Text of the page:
Cargèse and Sagone are ports to stop for the night. Cargese has a marina and Sagone, at the head of a large bay, has moorings for use with stern line to spend the night in comfort. I would love to talk more about these ports, but apart from enjoying the beaches we kept going all the way to Propriano.

Passing bays along the way that would provide shelter from the NW swell with conventional anchoring, we came to Propriano with its modern marina. This is a good place to take an excursion and explore inland. Several bus tours visit a variety of ancient sites, some of which are pre-historic.

Where Corsica and Sardinia Meet

Heading to Bonifacio we passed numerous bays tucked behind headlands. Finding port was somewhat of a surprise and if it were not for the chart plotter, I would not have believed there was safe harbour tucked within the white cliffs. But indeed, a narrow entrance opens up to what many describe as the most beautiful harbour in the Mediterranean. The Citadel of Bonifacio on the hill is well restored and bustling with traders and restaurants.

To berth in Bonifacio requires booking ahead. There are ways to do this and practices to follow, which we explain in detail before charter.

By now we were into a predominantly Sardinian charter itinerary, as its just five miles across to Italy. But before heading there, we ventured further around to Porto-Vecchio. On the way are a series of sheltered anchorages and beautiful coves in a sparsely populated region that is undeveloped for tourism: ideal for the cruising yachtsman.

Porto-Vecchio offers a marina and moorings, or just lay at anchor a bit further out. This is a bustling centre of activity with an airport and a lot going on ashore. The old town is quaint and well worth a walk around.

On a two-week itinerary we’d have visited Sardinia first and kept going up this coast, putting a large day in to sail 60 or so miles up to Bastia or Elba and the Tuscan islands. On this trip schedule however, we needed to turn back rather than go all the way around and head for the Maddalena Islands. We bypassed Cavallo Island (France) which we were warned is quite expensive.

The first set of Italian islands we came to are a series of low-lying, uninhabited and barren rocks, clearly popular as a place to stop for the day in any of several sheltered spots. Being here in late July, peak holiday season, there were boats everywhere it was good to go. But with plenty of space we had no issues finding an anchorage or marina when we wanted one.

A Pleasant Stay in Arcipelago di La Maddalena National Park

The day we crossed the Strait of Bonifacio was our first sailing day since arriving in Corsica. In a region notorious for strong winds, we were enjoying a passive 10-15 knot breeze on our aft quarter. We meandered pleasantly through the Maddalena archipelago until the limitations of being under sail started to interfere with our need to explore.

To be in Maddalena National Park requires a permit. Once in there are plenty of places to anchor for free, or to pay for a mooring. In Italy it always pays to know in advance what a mooring or marina will cost, as prices can vary considerably. As for navigation around the Maddalenas, I must emphasise that regular reference to the chart plotter is essential due to unmarked rocks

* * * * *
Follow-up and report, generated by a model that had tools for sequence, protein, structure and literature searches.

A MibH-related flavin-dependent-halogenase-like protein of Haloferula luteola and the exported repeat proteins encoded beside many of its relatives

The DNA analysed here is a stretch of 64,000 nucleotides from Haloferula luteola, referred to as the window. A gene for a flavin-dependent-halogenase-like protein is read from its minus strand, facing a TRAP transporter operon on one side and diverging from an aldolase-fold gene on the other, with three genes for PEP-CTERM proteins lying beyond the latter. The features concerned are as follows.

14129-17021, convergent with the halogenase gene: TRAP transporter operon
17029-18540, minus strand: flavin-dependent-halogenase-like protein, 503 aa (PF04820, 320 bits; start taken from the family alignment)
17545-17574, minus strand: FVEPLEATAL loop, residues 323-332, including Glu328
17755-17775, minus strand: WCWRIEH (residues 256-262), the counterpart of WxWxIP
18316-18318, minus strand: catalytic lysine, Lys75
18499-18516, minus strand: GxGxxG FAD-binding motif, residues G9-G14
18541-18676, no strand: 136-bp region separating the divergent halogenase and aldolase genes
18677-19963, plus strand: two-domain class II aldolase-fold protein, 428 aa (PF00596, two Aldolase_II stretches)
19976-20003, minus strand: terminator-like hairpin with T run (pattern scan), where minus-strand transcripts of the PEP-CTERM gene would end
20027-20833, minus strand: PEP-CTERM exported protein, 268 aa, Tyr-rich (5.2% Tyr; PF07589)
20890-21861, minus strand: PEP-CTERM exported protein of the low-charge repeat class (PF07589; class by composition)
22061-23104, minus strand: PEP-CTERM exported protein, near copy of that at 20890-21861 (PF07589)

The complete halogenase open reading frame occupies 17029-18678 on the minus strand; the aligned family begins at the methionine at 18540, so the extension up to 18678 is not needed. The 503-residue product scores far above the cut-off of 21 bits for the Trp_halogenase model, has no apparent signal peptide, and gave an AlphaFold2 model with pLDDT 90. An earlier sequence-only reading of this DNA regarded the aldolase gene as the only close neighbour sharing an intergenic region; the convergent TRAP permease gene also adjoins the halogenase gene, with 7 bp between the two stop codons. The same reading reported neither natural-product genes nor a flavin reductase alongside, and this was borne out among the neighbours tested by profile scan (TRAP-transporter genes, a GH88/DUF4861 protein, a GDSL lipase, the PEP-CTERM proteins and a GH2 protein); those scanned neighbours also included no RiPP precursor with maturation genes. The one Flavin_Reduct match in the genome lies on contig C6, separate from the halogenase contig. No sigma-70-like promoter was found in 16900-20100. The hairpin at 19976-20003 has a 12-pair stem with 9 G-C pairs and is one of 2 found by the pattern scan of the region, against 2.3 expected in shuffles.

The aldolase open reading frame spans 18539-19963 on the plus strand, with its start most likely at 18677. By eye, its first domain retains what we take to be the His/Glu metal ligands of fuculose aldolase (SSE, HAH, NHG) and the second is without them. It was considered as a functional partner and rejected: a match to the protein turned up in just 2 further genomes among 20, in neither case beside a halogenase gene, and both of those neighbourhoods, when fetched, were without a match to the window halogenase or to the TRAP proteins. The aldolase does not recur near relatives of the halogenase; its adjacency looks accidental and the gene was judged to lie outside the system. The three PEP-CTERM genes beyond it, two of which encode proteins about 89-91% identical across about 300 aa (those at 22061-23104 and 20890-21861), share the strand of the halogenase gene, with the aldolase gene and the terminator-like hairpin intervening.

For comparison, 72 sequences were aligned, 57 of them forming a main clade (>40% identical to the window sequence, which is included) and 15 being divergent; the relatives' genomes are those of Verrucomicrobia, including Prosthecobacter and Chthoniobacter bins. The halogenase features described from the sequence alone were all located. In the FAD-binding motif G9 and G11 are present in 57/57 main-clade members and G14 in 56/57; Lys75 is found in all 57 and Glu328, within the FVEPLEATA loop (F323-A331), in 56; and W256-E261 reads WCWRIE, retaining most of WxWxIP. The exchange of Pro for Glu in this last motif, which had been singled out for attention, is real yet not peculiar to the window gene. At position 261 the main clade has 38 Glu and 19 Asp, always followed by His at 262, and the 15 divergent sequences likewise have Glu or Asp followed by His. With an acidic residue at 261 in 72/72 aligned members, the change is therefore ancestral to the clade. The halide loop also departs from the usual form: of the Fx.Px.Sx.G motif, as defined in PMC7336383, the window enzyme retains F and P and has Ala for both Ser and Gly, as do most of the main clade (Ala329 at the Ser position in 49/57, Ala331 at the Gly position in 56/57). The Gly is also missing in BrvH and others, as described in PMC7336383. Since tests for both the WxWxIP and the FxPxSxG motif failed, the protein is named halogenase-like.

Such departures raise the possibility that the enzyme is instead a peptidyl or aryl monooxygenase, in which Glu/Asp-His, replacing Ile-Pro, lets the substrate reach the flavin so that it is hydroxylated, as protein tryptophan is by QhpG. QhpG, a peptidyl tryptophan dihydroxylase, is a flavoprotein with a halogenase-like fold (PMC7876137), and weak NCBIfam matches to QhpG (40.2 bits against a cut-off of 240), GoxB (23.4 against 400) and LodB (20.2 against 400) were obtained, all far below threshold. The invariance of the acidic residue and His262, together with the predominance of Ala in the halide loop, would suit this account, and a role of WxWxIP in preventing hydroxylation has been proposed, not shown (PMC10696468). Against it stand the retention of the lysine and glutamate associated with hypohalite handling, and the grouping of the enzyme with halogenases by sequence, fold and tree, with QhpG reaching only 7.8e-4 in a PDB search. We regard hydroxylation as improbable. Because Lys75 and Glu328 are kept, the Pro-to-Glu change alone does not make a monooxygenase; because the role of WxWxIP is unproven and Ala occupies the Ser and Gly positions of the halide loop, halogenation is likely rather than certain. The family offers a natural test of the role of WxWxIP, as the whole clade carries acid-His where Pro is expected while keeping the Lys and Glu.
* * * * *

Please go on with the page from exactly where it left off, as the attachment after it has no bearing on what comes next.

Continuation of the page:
There is a lot to this part of Sardinia, and a one week charter can easily be used up among these islands and the adjacent mainland. We anchored for the night in a sheltered inlet on the main La Maddalena Island, and next morning continued to explore. We anchored for lunch in a still bay on the south side of Caprera Island, at around which time the wind was starting to pick up. It continued to gather strength under a cloudless blue sky until about 6.00pm, at which time it was touching 30 knots. By then we were safely in Cannigione marina, while plenty of boats were still out revelling in the conditions of wind and flat sea and were having a great sail.

By dinner time the wind had gone and we enjoyed a very pleasant time ashore, shopping genuine Italian-quality but good-value items at the Cannigione market, then on to eat an Italian pizza, in Italy!

Mainland Sardinia and Journey’s End at Ajaccio

The marinas in Sardinia take some getting used to. They all appear to be privately owned, and in Cannigione it appeared that each finger has a different owner. And so we were greeted by boat owners with waving arms trying to lure us into particular berths. Outside of the marina we could have easily anchored for free, but I needed to experience at least one marina stay in Italy. Cannigione is also a base for many of the fleets we represent, and there were people I wanted to say ciao to.

The following day we explored along a coastline dotted with beaches, small towns and resort settlements. We liked it a lot. It’s hard to say why certain places appeal, but that is why one must go there - to find out. .

We had two days left on our charter, so the next day we headed back out into the Strait of Bonifacio, that stretch of water renowned for its strong winds. As it was, we motored over glassy seas for the better part of the day, eventually stopping at one of the many sandy Corsican beaches for a swim. Then on to Ajaccio, arriving a day early to see the town, and to catch up with base representatives of companies we work with.

Reflecting on this two-week itinerary, starting in Toulon and going west along the Provence coast, then east along the Cote d’Azur, then on to Corsica and Sardinia, it was non-stop but a thoroughly memorable experience.

Two weeks for that was a crazy pace. Any one of these four regions we could easily have taken a week to enjoy.

I liked Italy a lot, but I loved France!